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Slugs and snails are soft-bodied, legless members of the mollusk phylum that are common throughout the state and are often serious pests in ornamental and vegetable gardens. They may measure up to four inches in length and are yellowish-brown to black in color. Some may be mottled or streaked with darker markings. All species leave a telltale, silver-colored, slime trail wherever they travel on their flat bottom side which is called a ‘foot’ and leads to their name Class name Gastropod (or stomach-foot). These trails can be seen on foundation walls, basement floors, roads, walkways and plant leaves. Slugs and snails have similar structures and biologies except that snails have an external spiral shell.
Cheryl Moorehead, Bugwood.org
Most slugs and snails are hermaphrodites meaning that they have both male and female reproductive organs. They still need to find another slug or snail to mate with and a few days later will lay up to 30 eggs in moist soil or under a log. Eggs may be laid any time from spring to fall so all stages of growth can be present year-round.
Slugs and snails require a great deal of moisture and prefer dark areas. They are commonly found associated with moist, dark places such as under boards, logs, stones, decaying organic material, mulch, and trash, flower pots, in crevices and under decks, especially in shaded locations. They feed mostly at night and hide during the day to avoid the drying effects of sunlight. They feed on many kinds of plants, chewing ragged holes in the leaves, especially those that lie close to the ground. They also feed on molds and decaying vegetable materials.
Lesley Ingram, Bugwood.org
Don't expect one method to do the job; use a combination of methods.
Eliminating their hiding places can often control slugs. Remove rotting boards and other debris left on the ground. This is most important in shaded areas. Tall and densely growing plants should be thinned to allow for more sunlight and air movements. Unfortunately, it may be impossible to avoid plant damage near rock walls or wooded areas. Avoid heavy mulching of susceptible plants.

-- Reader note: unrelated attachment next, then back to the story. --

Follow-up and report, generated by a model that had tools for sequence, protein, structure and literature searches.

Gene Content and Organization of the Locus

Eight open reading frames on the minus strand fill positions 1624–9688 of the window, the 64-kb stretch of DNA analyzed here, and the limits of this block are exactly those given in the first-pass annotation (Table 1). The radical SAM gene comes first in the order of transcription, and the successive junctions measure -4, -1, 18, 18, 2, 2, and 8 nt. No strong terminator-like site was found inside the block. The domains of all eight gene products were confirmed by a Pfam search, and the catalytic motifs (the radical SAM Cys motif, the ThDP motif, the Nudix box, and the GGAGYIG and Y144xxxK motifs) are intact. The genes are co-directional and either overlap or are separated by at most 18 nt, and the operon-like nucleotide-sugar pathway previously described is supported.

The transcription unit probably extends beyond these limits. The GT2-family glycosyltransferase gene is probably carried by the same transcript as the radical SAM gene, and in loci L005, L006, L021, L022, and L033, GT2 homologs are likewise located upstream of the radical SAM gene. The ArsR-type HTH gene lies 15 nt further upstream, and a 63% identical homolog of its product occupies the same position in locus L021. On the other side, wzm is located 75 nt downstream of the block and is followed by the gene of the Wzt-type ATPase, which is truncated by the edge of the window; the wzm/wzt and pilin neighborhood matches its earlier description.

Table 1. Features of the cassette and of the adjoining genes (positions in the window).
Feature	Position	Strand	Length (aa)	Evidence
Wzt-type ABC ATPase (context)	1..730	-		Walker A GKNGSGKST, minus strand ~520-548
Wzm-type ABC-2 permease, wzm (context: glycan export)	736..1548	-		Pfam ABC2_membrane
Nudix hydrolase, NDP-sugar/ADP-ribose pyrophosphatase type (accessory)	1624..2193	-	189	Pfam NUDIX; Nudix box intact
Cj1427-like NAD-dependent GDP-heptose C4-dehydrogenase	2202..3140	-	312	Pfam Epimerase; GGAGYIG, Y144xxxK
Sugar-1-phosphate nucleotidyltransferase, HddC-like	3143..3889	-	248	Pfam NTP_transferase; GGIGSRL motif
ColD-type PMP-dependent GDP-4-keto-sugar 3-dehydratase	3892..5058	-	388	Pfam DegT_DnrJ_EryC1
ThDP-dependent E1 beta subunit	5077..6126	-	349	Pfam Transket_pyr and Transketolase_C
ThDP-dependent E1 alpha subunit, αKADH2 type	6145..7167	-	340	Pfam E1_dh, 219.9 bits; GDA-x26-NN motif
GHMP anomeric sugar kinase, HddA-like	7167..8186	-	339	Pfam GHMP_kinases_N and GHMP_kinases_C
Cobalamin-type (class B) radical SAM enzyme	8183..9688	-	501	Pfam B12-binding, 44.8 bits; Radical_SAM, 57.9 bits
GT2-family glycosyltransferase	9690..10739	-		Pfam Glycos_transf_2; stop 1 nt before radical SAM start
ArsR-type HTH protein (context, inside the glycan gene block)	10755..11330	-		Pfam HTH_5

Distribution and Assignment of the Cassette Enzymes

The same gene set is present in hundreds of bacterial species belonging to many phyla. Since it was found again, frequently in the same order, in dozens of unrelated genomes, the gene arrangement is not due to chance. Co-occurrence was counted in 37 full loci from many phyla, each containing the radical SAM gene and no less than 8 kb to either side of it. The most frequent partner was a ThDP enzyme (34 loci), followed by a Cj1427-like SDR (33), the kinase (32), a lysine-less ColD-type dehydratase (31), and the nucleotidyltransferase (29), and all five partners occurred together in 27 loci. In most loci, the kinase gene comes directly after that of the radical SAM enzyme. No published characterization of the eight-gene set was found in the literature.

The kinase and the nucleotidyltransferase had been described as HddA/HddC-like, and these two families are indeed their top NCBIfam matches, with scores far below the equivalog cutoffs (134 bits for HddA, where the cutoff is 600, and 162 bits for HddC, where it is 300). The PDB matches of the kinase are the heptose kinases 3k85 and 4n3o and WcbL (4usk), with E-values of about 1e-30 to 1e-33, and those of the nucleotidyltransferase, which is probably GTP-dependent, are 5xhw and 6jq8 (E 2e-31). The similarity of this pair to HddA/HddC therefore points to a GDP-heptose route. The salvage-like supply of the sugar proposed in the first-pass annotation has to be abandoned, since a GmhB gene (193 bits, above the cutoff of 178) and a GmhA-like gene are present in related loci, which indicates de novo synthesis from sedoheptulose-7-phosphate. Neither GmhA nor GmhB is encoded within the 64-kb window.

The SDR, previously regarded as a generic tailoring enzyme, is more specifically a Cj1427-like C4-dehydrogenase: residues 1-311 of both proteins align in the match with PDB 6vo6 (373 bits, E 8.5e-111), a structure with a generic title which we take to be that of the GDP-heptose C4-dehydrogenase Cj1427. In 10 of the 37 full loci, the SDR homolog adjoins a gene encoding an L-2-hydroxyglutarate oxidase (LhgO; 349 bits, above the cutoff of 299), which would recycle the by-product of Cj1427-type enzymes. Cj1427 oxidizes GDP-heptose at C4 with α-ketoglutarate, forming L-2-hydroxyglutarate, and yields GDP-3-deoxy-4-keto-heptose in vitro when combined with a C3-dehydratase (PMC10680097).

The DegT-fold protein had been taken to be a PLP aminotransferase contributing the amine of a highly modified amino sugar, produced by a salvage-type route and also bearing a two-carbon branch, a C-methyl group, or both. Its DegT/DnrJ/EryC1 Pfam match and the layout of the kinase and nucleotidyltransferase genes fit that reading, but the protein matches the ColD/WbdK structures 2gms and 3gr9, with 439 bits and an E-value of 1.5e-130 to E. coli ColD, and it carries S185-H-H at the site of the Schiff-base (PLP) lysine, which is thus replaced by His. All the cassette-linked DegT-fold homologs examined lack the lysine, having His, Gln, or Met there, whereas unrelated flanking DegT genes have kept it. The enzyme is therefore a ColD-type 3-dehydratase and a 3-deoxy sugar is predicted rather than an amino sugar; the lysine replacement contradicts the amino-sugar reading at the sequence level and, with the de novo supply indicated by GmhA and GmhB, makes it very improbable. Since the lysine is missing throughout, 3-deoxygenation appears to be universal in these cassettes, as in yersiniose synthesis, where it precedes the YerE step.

Pieces of board, old shingles, half grapefruit or melon rinds and other materials not less than six inches square are effective traps when placed on the ground in gardens. Each morning the slugs can be collected from under the traps and destroyed.
An hour spent handpicking and destroying slugs can noticeably reduce their numbers. Going out every night for a week after dark with a flash light or early in the morning while it's still cool and damp and handpicking slugs and snails and dropping them into a pail of soapy water will lower your population significantly. There after once a week handpicking should keep them under control.
Copper fly screening, about four inches wide or a copper strip placed on edge and partially embedded in the soil for support, will keep slugs out of an area. Bending the screening to the outside appears to increase its effectiveness. A two-inch-wide copper strips, wrapped around trees, will keep slugs from climbing trees. Slugs will avoid crawling over anything dry, dusty or scratchy such as gravel, sand, and diatomaceous earth or crushed lava rock. The excessive secretion of mucus needed to cross such materials soon exhausts them and they die. A border 18 to 24 inches wide of any one of these materials should be helpful in control. Diatomaceous earth will need to be replenished through the summer. Be sure that all snails and slugs are removed from the enclosed garden and there are no leaves crossing the barrier.